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In re Lorazepam & Clorazepate Antitrust Litigation

UNITED STATES DISTRICT COURT FOR THE DISTRICT OF COLUMBIA


April 22, 2005

IN RE LORAZEPAM & CLORAZEPATE ANTITRUST LITIGATION
HEALTH CARE SERVICE CORPORATION, MDL NO. 1290 PLAINTIFF,
v.
MYLAN LABORATORIES, INC., ET AL., DEFENDANTS, AND BLUE CROSS BLUE SHIELD OF MINNESOTA, ET AL., PLAINTIFFS,
v.
MYLAN LABORATORIES, INC., ET AL., DEFENDANTS.

The opinion of the court was delivered by: John M. Facciola United States Magistrate Judge

MEMORANDUM ORDER

In my Memorandum Opinion dated April 22, 2005, I concluded that the Blues had failed to establish that exhibits numbered 11026, 11027, and 11028 were business records because the only evidence pertaining to them is the testimony of Milan Puskar that he did not know how the documents came into Mylan's possession.

In a recent telephone status call with chambers, the Blues insisted that Mylan should be required to produce a corporate representative who will testify that the documents were in Mylan's possession, at which point the Blues will ask the jury to infer that Mylan was monitoring its competitors' prices. I am afraid, however, that merely knowing that the documents were in Mylan's files does not render them admissible as business records. Even with testimony that the documents were in Mylan's files, the Blues have still not established that the documents, that are neither on letterhead nor some other objectively identifiable source,*fn1 were kept by someone in the ordinary course of business. The presence of the documents in Mylan's files cannot possibly establish how the documents came into existence in the first place, and without anything whatsoever about their genesis and creation it is impossible to ascertain that the document was created in the course of a regularly conducted business.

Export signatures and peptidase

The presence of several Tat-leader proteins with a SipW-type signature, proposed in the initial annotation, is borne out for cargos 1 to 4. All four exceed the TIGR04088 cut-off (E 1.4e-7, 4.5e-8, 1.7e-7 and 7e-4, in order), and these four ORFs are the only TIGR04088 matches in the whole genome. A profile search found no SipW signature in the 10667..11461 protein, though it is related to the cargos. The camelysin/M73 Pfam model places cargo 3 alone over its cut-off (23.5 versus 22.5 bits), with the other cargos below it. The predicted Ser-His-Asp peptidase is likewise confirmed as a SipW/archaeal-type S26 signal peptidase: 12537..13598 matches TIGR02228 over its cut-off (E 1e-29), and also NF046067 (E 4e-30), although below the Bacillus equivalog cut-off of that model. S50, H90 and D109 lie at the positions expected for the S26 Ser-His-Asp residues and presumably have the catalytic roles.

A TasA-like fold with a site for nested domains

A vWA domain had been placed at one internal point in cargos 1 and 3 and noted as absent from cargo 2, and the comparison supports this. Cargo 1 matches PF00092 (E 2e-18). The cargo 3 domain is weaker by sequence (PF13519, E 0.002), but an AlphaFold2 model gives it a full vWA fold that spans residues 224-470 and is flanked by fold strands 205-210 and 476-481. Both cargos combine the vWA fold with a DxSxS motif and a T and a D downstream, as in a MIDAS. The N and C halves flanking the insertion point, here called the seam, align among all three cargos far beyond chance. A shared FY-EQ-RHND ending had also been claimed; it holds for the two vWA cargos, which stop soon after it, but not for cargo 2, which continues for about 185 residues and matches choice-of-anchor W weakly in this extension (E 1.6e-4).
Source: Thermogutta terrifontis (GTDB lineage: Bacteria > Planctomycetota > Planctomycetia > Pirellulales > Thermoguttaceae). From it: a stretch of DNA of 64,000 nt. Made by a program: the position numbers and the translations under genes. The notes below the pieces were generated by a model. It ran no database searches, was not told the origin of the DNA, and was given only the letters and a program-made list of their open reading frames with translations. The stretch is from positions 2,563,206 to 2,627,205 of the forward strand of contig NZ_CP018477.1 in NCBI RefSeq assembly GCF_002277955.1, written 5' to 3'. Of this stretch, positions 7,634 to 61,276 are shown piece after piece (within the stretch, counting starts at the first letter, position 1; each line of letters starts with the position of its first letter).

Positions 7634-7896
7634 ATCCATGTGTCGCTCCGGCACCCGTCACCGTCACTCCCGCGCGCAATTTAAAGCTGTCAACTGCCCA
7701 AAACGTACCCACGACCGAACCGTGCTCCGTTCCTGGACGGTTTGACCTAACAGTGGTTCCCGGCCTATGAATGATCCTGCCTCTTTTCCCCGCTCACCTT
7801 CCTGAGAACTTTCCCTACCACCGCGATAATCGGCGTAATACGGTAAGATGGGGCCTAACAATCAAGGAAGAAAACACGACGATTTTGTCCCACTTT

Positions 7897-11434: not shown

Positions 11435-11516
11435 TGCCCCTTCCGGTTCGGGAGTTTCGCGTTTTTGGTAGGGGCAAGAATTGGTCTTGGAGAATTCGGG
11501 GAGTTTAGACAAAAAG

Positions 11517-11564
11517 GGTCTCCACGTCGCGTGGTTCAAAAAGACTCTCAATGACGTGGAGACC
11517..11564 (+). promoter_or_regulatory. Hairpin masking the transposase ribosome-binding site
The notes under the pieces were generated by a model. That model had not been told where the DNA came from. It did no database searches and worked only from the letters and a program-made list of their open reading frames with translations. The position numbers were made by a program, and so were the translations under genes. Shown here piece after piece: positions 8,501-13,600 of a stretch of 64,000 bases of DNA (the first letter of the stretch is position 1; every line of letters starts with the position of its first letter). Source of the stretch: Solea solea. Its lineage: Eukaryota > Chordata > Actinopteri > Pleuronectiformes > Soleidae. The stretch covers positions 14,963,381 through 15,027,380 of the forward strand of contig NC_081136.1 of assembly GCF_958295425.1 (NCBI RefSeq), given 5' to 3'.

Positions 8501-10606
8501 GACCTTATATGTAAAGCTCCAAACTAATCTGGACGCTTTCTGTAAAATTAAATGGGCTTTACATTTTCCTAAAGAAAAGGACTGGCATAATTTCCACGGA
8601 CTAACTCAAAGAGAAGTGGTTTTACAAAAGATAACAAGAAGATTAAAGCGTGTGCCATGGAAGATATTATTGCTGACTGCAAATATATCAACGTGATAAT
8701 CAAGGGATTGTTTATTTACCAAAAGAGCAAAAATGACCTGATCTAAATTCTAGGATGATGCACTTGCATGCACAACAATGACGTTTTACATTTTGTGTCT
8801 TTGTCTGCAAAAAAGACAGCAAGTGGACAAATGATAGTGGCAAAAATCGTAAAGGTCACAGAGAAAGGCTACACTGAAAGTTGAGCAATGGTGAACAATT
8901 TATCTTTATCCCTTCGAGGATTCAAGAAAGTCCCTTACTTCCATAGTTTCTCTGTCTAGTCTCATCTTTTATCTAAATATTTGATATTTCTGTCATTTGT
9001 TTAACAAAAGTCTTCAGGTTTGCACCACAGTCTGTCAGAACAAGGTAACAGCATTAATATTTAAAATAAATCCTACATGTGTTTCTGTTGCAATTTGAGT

The Blues could have ascertained how the documents came into existence by interviewing people at Watson, if that is where they thought the documents were created. They did not do so and there is nothing on the face of the documents that identifies their origin or creator. The documents are significant only if they are actually Watson's prices. The mere statement by some unknown person, on the document itself, that they are Watson's prices is the rankest hearsay.

Therefore, the Blues' oral motion for reconsideration as to the above described issue is DENIED.

SO ORDERED.


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